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Copyright © 2001 Express Publishing Inc.
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For the week of  October 3 - 9, 2001


report to airport

Parking lot reopened

Express Staff Writer

The parking lot at Hailey’s Friedman Memorial Airport was reopened Friday after Idaho Gov. Dirk Kempthorne ordered the Idaho National Guard to assist with airport security there and in four other cities.

National Guard specialists Mike Hymas, left, and Donn Drury began assisting with Hailey airport security Friday following an order from Idaho Gov. Dirk Kempthorn. Express photo by Travis Purser

With more manpower available, airport security personnel began searching automobiles and allowing drivers to park in the terminal parking lot, which had been closed since just after the Sept. 11 terrorist attacks on the East Coast.

Kempthorne’s order followed a request Thursday from President George Bush. The president asked the nation’s governors to deploy the National Guard to help airports meet new security requirements the Federal Aviation Administration imposed following the attacks.

The guardsmen are "probably going to be the long-term solution" to the airport’s recent parking problems, said Hailey airport manager Rick Baird. An earlier plan to construct a concrete barrier in front of the terminal and then reopen the parking lot is indefinitely on hold, he said.

National Guard Specialists Donn Drury and Mike Hymas patrolled the terminal and manned X-ray scanners and metal detectors Monday morning, while a Sheriff’s deputy checked vehicles at the parking lot gate.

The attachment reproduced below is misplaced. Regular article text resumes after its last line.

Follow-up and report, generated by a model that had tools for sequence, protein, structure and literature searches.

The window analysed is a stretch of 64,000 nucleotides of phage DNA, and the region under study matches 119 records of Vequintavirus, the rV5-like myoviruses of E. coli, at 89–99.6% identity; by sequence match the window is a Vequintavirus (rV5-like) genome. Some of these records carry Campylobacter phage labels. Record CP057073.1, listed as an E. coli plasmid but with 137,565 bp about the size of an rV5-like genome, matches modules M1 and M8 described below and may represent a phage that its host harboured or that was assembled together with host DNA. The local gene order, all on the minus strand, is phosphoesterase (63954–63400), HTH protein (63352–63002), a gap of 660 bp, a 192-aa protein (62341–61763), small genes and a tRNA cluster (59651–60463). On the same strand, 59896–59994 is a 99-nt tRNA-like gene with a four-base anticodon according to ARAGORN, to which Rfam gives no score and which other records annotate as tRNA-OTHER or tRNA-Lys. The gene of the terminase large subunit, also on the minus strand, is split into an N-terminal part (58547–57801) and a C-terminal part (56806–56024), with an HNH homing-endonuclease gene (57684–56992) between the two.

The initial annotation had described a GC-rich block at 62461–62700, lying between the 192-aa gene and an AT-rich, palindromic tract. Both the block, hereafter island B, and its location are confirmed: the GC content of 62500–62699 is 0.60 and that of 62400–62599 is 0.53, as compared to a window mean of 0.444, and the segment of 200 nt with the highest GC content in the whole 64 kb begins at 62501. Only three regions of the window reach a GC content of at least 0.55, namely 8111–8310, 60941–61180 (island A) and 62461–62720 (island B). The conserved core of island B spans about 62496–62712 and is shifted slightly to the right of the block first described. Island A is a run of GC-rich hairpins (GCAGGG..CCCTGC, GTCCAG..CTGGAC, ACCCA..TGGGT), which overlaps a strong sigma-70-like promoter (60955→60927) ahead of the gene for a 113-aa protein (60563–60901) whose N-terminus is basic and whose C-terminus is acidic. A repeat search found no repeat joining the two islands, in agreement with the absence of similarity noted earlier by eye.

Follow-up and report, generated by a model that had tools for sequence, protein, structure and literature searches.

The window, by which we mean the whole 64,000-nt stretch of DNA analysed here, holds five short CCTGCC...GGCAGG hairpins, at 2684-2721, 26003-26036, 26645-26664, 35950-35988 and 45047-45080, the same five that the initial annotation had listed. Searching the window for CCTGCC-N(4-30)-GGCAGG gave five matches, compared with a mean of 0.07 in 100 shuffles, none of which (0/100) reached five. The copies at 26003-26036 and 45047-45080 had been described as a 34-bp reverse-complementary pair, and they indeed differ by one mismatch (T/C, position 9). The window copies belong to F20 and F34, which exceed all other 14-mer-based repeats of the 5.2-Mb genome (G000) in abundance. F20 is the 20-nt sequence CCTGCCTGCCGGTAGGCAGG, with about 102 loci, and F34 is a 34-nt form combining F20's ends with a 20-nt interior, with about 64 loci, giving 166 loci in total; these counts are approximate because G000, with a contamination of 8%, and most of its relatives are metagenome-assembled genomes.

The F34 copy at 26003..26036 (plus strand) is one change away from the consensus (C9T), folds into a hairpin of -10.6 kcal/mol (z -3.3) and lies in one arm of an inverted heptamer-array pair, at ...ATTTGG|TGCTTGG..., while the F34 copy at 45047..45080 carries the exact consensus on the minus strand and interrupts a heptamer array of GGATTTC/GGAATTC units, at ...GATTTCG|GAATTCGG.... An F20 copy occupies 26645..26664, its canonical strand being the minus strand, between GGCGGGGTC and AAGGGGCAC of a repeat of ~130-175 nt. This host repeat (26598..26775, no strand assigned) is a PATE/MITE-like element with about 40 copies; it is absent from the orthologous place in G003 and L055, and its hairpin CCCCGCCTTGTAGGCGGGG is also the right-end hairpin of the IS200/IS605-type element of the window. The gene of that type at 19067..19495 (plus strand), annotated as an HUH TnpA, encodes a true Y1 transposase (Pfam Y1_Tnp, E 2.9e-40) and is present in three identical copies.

Hymas said protecting Hailey’s airport is important because it can provide a back door to the security of larger airports. Also, "about a third of the nation’s wealthy have flown in here," he said, referring to Sun Valley’s popularity as a resort destination for the world’s wealthiest moguls.

Blaine County Sheriff Walt Femling, who said he has been overseeing airport security since Sept. 11, said the addition of the guardsmen allows him to cut back on the number of deputies assigned at the airport from two to one per shift.

The specific duties of the guardsmen have not yet been defined—rather, in Hyman’s words, they are providing an "additional presence." Femling said that Adjutant General John Kane would elaborate on the Idaho National Guard’s role sometime this week.

Kempthorne chief of staff Phil Reberger said the FAA would be sending experts to Idaho to train the guardsmen.

"Things are changing daily, so it’s hard to give any long-range plans," Femling said.

The guardsmen said they have been working 17-hour shifts every day and have been sleeping at the Hailey Armory.

The federal government is paying for the guardsmen, but Baird said that does little to reduce the huge cost of implementing new security since Sept. 11.

The guardsmen could be on duty for up to six months while the federal government works out a permanent security plan for the nation’s airports.

The Idaho Mountain Express is distributed free to residents and guests throughout the Sun Valley, Idaho resort area community. Subscribers to the Idaho Mountain Express will read these stories and others in this week's issue.